I did it.
I submitted a partial of Sunday is for Suspects to an agent. The upside is that she called me pretty quickly and we chatted for a good long while about the mystery market vs the romance market. Since my story neatly straddles the two genres, it's a conversation worth having.
I learned that it's devilishly difficult to break into the mystery market because of things like shelf space and the preponderance of already established authors with long series which aren't going to give up any of that important real estate. We talked about the fact that just as romance has taken an erotic turn, mystery/suspense has gone ever grittier.
My story is not. My protagonist has a determinedly upbeat voice even when she's down, along with a healthy dose of what she calls "Ozarks snark." I want to create a town full of people you halfway recognize and want to know more. On the way to solving a mystery and watching Lacy Evans vacillate between the two guys in her life, I want to take my readers home to Coldwater and have them enjoy the trip.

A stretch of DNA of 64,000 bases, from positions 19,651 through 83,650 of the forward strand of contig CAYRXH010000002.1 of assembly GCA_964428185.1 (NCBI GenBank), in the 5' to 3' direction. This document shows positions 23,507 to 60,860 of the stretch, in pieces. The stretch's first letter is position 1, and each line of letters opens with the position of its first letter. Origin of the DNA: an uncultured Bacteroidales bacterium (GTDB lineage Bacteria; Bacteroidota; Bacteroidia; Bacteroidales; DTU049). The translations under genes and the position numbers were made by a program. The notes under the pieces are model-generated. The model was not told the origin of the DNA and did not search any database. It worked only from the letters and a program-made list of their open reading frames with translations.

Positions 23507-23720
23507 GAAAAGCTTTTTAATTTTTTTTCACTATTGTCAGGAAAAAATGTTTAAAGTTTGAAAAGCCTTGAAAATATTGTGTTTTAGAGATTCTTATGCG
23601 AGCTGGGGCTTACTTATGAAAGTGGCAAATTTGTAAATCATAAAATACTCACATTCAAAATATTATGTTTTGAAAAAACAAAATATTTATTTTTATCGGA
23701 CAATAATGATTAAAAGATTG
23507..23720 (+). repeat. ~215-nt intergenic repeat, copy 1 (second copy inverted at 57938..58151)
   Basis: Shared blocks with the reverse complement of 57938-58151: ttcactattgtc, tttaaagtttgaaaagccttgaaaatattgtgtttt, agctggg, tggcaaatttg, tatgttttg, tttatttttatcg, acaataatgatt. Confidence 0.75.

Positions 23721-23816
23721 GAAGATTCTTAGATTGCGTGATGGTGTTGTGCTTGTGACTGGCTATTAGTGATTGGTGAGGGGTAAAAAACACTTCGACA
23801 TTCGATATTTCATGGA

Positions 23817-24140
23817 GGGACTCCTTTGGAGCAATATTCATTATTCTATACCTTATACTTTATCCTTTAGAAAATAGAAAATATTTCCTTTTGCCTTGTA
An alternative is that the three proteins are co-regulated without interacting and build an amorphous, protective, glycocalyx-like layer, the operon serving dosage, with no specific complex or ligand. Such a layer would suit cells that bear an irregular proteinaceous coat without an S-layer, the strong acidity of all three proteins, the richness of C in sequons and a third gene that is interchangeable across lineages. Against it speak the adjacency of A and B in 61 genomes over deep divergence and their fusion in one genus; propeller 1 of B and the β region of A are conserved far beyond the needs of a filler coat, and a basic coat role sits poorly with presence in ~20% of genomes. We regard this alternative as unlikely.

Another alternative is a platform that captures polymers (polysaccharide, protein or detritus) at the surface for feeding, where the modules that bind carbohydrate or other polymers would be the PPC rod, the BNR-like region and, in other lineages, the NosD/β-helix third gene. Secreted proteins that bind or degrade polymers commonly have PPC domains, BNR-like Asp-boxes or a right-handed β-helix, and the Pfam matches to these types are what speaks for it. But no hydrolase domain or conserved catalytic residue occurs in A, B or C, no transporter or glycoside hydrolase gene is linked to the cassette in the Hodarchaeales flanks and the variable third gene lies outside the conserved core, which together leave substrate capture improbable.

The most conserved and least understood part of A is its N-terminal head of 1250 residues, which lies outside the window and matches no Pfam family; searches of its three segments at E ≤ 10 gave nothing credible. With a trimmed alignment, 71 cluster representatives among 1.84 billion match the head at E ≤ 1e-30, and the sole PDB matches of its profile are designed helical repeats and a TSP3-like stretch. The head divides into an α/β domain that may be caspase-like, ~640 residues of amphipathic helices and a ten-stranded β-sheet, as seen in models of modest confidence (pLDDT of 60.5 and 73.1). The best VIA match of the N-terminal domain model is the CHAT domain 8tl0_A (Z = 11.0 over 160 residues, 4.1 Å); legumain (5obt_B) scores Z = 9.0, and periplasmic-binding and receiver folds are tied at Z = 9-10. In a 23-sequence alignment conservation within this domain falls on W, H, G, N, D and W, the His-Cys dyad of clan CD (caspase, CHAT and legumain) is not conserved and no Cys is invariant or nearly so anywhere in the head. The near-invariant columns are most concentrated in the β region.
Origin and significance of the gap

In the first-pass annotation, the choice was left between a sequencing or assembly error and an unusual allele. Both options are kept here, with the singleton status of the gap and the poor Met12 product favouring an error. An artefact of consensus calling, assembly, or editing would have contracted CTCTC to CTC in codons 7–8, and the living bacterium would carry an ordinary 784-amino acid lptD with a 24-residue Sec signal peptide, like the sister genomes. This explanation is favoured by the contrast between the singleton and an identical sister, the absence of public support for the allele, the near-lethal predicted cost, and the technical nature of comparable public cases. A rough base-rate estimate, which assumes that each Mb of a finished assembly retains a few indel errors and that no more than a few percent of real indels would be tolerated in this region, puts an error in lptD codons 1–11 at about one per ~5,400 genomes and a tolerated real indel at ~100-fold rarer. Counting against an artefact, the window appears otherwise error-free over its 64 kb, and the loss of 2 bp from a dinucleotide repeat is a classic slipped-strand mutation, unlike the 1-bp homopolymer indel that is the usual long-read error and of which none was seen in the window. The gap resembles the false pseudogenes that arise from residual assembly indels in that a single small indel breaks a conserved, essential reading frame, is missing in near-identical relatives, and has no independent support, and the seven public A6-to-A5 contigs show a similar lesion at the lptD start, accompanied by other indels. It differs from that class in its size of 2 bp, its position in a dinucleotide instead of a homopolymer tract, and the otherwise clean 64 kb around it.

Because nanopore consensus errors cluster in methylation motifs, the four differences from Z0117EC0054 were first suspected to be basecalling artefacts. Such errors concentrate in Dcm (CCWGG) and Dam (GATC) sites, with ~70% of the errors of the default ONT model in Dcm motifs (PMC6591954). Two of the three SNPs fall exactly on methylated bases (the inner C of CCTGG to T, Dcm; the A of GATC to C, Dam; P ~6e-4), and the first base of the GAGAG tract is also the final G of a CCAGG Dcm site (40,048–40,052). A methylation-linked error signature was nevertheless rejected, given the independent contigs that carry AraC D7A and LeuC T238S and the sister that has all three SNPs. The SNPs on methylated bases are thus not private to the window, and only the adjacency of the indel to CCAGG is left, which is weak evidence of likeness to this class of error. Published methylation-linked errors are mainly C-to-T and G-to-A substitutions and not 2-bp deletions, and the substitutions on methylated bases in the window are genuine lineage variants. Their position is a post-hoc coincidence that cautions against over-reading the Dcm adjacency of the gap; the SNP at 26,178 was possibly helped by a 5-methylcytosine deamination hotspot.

CSI, it's not. No Bones gross-out scenes either. Though there will be some suspense. Lacy has gotten sideways of some pretty serious people and is still in danger, no matter how far she runs from Boston.
So anyway, there are things to think about in deciding the direction Sunday is for Suspects should take. Perhaps a bit more on the contemporary romance side. Or I might explore the CBA market, which is looking for suspense titles. While I've been aiming for a romance on the sweet side, I'm not ready to give up the idea that the mainstream mystery/romantic suspense market might have room for this kind of story.
I'll be talking with the agent again soon. Will let you know how it goes. In the meantime, if you haven't tried the first chapter of Sunday is for Suspects, you might want to pop over now and let me whisk you away to Coldwater, OK, home of tiny Bates College where the degrees are so obscure its graduates are guaranteed NOT to find a job in their field of study.